TOPEKA — During his time serving as a Sedgwick County judge in juvenile court, Kevin Smith saw an overworked and exhausted foster care system leave Kansas children at risk of being harmed.
Smith spent five years as a judge in juvenile court, where at any one time he had between 350 and 400 open child in need of care, or CINC, cases on his docket. During that time, he observed caseworkers with anywhere from 40 to 78 cases at a time.
Judges, law enforcement and others involved in Kansas foster care services on Tuesday shared their view of a slowly improving but still weak and overloaded CINC support system during a hearing of the Special Committee on Foster Care Oversight, chaired by Rep. Susan Concannon, R-Beloit.
In an extreme case, this overloaded system caused one caseworker to quit, adding further pressure on the remaining social workers, Smith said. He said this overworked operation often results in swapping one risk for another.
Smith recalled a situation in which a child was nearly placed in a high-risk situation, despite warnings from a court-appointed special advocate or CASA, due to caseworker overload.
“The CASA told the caseworker multiple times about a situation where the child was being placed at great risk of harm, but they didn’t tell the guardian ad litem or me as the judge,” Smith said. “At the review hearing, the only report that referenced the problem was the CASA’s, and it quite possibly saved that child’s life.”
Smith urged legislators to put more funding toward social work agencies so these important middlemen are not overworked and burned out.
He also said the system is not prepared to undertake the number of children in need of out-of-home placements. Kansas currently has about 7,600 children in need with just 2,700 homes, Smith said.
Kellie Hogan, a Sedgwick County district judge assigned to the juvenile department, said the lack of placements is just one of many frustrations judges encounter.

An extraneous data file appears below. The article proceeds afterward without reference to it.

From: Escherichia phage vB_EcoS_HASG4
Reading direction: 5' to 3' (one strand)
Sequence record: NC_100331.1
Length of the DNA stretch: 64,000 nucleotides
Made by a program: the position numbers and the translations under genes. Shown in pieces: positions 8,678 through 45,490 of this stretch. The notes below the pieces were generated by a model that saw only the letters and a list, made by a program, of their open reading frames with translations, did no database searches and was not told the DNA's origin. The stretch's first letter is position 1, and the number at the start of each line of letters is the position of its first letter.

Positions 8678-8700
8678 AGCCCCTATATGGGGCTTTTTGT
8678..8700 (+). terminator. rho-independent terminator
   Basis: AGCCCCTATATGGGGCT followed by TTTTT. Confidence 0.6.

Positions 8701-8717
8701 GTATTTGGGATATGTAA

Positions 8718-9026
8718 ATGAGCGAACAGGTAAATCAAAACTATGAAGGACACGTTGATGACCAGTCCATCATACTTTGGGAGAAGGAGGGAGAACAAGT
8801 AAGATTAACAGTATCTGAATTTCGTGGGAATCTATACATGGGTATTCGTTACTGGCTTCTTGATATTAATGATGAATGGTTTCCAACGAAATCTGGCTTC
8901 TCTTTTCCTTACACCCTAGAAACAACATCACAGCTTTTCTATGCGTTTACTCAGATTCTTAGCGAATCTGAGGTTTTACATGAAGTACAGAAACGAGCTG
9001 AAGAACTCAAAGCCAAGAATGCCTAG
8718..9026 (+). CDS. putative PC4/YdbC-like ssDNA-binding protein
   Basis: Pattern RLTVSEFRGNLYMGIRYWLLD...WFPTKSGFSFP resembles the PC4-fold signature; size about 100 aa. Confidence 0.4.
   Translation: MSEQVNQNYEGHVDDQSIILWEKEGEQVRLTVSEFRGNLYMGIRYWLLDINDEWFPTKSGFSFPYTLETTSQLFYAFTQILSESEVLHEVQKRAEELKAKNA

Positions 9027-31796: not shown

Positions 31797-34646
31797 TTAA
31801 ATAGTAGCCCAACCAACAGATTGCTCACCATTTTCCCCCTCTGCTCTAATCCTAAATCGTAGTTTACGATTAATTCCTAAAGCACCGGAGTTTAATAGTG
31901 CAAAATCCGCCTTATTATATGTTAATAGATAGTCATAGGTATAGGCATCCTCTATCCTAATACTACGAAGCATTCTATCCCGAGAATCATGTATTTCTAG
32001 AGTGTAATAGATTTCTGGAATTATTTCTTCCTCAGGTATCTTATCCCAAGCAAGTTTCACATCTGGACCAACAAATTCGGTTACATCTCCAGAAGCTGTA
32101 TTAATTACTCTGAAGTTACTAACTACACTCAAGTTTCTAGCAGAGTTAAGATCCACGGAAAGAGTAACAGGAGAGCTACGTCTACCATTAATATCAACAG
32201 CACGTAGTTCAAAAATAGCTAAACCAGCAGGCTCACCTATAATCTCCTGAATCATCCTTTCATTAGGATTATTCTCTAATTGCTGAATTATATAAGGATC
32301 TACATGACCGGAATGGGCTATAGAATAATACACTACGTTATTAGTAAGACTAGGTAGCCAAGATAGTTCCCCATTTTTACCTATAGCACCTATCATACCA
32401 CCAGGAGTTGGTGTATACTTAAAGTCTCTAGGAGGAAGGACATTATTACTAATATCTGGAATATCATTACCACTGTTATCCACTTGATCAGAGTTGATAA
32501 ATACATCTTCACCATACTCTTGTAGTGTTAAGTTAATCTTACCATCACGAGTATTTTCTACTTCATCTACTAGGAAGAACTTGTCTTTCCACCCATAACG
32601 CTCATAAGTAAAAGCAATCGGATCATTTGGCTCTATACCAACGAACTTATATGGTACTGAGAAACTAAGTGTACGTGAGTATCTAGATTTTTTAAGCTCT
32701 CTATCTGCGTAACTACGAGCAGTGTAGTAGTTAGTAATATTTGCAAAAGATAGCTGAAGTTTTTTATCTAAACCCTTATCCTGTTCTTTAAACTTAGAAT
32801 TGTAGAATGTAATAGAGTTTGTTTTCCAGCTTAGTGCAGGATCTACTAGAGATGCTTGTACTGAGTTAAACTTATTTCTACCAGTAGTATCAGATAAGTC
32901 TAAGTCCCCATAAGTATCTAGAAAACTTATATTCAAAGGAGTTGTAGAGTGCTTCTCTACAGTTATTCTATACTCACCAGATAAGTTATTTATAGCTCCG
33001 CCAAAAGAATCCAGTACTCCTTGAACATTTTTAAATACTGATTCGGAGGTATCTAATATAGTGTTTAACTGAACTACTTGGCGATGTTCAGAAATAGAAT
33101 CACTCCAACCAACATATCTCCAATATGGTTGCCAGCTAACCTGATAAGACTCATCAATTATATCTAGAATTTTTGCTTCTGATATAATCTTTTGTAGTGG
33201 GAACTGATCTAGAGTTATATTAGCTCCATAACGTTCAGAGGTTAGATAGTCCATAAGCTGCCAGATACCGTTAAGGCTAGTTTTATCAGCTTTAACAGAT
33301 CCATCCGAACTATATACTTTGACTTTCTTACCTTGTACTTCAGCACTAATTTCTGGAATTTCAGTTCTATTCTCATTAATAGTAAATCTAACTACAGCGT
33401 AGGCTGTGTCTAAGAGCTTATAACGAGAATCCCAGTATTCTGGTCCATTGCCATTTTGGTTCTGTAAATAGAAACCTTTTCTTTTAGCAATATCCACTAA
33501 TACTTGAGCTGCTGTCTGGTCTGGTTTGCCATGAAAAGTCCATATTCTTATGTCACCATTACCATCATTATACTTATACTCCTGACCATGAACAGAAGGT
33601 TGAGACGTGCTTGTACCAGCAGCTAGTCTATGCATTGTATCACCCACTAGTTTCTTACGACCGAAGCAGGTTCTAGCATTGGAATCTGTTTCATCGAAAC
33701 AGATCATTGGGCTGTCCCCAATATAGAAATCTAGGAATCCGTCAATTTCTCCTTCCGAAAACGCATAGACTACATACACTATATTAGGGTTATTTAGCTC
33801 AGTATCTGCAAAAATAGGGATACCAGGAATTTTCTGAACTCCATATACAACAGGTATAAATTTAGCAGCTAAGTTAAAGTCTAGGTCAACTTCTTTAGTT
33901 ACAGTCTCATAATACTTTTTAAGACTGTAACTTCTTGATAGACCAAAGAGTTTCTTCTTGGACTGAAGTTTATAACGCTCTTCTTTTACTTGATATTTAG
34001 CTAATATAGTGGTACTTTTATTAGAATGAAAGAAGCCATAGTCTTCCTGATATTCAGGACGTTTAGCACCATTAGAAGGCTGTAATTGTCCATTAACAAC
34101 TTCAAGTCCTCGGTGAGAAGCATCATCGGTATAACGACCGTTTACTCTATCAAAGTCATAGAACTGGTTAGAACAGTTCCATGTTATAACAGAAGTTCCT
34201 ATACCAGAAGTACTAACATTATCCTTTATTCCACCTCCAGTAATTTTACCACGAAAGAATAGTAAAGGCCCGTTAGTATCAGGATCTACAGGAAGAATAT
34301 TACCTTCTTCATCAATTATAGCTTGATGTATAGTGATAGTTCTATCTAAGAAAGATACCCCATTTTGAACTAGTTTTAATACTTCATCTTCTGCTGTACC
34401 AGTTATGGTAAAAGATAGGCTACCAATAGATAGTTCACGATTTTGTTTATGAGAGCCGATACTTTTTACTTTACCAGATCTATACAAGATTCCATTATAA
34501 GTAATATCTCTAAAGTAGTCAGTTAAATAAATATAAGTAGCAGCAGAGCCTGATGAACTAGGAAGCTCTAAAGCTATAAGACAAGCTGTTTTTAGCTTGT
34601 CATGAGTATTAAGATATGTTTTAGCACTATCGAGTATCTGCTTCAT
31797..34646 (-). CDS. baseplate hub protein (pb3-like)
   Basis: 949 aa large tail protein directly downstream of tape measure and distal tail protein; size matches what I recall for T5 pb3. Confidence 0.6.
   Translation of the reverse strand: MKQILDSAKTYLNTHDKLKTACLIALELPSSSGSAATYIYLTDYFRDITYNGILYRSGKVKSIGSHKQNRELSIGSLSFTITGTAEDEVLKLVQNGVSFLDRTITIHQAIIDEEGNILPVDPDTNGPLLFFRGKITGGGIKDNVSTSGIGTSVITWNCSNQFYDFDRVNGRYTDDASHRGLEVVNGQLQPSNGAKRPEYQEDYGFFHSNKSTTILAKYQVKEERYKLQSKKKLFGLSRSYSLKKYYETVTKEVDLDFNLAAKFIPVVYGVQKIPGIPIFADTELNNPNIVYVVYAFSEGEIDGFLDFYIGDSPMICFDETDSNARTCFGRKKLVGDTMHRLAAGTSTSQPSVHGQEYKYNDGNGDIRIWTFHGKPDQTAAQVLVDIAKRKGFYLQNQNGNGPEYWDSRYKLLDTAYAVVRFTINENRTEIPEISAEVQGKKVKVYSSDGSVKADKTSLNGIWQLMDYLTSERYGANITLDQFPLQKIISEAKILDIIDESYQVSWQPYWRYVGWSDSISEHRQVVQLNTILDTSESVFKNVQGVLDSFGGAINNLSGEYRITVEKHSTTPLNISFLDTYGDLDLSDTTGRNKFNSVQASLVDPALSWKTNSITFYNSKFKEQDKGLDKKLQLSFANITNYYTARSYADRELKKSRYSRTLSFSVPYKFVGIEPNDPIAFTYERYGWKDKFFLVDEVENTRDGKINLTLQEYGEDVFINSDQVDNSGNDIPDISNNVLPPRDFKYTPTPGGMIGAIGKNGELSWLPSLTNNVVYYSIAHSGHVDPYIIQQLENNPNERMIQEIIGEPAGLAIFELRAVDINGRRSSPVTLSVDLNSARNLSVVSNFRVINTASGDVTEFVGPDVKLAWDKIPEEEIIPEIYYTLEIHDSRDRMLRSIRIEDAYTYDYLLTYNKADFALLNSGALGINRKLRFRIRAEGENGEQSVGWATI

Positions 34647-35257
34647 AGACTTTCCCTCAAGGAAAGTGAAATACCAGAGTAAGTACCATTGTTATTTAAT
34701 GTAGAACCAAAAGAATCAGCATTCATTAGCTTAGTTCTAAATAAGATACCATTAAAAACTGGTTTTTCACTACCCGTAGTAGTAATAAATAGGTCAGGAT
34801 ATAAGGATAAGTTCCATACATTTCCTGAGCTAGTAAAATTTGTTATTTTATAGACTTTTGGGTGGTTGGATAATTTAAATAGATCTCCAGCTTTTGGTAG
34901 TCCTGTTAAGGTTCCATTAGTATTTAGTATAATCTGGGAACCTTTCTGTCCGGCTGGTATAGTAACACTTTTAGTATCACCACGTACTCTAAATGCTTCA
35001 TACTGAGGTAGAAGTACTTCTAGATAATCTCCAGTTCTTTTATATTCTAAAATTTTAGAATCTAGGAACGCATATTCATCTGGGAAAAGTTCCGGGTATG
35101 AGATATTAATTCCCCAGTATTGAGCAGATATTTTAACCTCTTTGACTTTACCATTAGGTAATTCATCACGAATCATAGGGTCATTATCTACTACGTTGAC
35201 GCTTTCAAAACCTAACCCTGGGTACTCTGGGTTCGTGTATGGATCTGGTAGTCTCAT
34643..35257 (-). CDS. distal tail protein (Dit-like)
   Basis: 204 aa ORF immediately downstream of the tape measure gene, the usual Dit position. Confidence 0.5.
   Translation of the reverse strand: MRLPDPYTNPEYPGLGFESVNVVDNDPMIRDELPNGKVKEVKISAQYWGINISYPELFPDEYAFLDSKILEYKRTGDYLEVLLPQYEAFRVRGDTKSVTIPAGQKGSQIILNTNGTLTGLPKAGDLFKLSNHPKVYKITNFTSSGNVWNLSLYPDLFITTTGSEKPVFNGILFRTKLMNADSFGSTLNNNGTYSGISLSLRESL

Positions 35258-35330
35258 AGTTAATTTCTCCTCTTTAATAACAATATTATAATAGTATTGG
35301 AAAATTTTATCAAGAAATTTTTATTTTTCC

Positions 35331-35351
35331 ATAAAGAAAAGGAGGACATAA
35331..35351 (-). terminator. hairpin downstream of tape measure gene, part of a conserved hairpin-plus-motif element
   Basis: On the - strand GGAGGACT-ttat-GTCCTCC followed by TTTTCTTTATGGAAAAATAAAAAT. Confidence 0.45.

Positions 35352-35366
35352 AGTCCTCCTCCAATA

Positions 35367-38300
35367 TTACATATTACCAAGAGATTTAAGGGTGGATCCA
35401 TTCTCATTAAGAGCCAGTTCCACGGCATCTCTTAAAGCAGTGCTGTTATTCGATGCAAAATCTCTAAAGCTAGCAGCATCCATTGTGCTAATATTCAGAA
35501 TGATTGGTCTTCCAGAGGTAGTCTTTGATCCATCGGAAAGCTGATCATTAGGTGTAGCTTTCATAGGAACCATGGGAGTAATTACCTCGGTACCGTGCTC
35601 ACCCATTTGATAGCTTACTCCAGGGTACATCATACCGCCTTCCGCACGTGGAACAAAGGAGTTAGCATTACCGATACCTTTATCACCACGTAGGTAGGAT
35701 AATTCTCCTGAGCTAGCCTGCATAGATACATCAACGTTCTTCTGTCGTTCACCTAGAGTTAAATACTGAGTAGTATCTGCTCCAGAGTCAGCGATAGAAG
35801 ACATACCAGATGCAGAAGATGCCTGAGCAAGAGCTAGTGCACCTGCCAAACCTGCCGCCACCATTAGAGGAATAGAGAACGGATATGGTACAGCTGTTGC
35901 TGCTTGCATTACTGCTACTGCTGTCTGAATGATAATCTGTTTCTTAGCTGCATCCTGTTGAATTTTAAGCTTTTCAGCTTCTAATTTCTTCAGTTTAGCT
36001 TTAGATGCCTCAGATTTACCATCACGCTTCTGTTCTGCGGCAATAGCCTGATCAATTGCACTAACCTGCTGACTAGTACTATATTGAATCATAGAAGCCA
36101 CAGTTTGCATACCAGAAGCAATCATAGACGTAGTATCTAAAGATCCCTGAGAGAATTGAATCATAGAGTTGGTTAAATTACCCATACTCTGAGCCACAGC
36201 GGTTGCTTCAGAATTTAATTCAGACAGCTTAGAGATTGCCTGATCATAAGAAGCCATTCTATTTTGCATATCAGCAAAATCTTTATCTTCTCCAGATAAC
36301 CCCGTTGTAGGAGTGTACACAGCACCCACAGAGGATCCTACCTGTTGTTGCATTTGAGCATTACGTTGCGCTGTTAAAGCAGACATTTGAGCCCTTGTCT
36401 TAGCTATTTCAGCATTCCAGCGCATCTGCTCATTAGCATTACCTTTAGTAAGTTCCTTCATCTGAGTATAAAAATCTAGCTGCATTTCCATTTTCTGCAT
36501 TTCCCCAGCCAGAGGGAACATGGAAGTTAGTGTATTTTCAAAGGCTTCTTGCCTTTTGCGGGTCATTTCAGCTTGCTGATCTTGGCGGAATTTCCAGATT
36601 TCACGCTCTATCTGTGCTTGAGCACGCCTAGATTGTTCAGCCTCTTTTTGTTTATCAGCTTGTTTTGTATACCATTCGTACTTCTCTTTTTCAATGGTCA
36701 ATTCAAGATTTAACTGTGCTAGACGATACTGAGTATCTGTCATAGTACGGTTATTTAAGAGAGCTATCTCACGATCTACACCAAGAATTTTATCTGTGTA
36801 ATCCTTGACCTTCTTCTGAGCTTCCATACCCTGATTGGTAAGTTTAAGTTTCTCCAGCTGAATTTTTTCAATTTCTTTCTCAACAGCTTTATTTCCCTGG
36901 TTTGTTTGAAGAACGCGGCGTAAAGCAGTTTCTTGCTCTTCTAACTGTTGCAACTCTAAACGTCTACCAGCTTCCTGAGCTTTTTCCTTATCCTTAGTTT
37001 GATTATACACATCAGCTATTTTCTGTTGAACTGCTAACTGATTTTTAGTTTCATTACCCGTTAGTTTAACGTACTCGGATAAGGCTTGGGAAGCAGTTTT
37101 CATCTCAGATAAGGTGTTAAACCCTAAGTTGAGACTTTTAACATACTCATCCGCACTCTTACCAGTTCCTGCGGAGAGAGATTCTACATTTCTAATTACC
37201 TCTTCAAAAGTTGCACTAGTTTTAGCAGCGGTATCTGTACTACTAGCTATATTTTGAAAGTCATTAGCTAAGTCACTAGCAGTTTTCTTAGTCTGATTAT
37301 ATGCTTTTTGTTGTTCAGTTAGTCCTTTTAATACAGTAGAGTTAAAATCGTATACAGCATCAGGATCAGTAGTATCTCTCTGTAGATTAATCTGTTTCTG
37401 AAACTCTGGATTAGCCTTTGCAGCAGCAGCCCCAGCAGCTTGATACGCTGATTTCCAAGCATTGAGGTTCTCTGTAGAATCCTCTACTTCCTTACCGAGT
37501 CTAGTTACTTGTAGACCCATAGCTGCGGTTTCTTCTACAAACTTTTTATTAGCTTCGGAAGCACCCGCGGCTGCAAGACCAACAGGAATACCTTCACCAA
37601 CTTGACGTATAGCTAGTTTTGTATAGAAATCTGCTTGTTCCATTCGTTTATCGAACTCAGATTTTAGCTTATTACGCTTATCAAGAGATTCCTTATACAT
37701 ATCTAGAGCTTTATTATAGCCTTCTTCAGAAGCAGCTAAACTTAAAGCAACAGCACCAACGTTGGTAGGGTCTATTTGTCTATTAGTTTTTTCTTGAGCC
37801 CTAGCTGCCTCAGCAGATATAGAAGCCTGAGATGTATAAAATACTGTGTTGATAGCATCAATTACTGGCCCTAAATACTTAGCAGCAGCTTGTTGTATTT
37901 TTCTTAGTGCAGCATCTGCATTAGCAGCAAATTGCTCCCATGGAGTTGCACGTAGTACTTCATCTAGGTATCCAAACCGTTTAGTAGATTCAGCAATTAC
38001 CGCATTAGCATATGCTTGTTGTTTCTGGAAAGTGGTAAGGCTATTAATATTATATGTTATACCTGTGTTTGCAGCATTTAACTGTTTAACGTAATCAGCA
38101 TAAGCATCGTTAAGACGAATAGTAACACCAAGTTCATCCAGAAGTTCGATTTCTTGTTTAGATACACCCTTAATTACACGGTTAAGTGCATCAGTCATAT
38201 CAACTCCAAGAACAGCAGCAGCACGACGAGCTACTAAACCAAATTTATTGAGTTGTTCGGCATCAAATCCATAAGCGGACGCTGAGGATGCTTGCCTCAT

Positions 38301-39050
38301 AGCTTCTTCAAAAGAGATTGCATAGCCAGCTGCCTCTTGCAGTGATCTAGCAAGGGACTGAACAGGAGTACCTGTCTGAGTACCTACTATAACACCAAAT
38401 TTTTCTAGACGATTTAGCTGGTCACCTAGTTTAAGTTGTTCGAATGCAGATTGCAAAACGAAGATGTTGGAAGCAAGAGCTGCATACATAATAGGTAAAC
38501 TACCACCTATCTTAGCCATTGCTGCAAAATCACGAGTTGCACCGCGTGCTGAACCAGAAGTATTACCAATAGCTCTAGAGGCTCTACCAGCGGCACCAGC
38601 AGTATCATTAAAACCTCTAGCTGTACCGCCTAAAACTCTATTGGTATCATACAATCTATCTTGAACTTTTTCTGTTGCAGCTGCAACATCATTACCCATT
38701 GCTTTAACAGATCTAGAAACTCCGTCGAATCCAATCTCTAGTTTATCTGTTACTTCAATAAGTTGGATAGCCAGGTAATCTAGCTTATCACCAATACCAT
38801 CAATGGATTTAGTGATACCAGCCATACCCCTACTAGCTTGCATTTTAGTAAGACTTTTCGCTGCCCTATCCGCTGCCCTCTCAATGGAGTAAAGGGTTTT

“In my opinion, drug addiction, unmet mental health, domestic violence and family abuse are among the most important factors resulting in the placement of children in foster care,” Hogan said. “One of the biggest frustrations of many judges are the lack of foster home placements for teenagers and lack of inpatient psychiatric services for our most challenged youth.”
Sedgwick County Sheriff Jeff Easter said the number of abuse-related calls that require law enforcement officers to take a child into custody has decreased in his tenure but that drug-related instances were still common in the area.
Sen. Oletha Faust-Goudeau, D-Wichita, questioned whether substance use tests, specifically hair tests, issued by the independent and state agencies, was providing reliable results in CINC cases. She said some ethnicities and races’ hair does not grow as fast, leaving room for false-positive tests.
She referenced three Black women who had sworn to her they did not smoke marijuana since high school, but all three returned positive during efforts to claim custody of their respective grandchildren.
“They told me to look in the high school yearbook and these particular women, their hair, it was the same length,” Faust-Goudeau said. “Some Black people’s hair just takes longer to grow.”
In one of the cases, Faust-Goudeau said, the woman was able to appeal and the follow-up test showed she did not use marijuana.
Alan Burke, chief executive officer of Kelly Compliance, a company providing drug and alcohol testing services in Kansas, said while not all cases are the same, hair is one of the most reliable ways to discern possible substance abuse.
Even if a person’s hair is growing slowly, Burke said, the companies in charge of analyzing the strands taken return close to a 99.9% accuracy rate on tests.
“No matter how much hair you have or how fast it’s growing, your hair is a permanent record,” Burke said. “If there is drug usage, that hair shaft will contain that record just as well as a hard drive on a computer.”
If the hair strand test does show a positive, there is the opportunity to appeal the test, which will be done at a different facility than the first test, Burke said.
Faust-Goudeau repeatedly questioned the accuracy of Burke’s assertions. While she said she believed the integrity with which the tests were being administered, she is steadfast in her belief a slower hair growth rate could produce a false positive in Black women.
“We’re just going to have to agree to disagree on this one,” Faust-Goudeau said. “If your hair has not grown since high school, they don’t really have enough to test to begin with. In the future, I think we need to have additional consideration around this hair test because we cannot keep denying grandparent their grandchildren that they love.”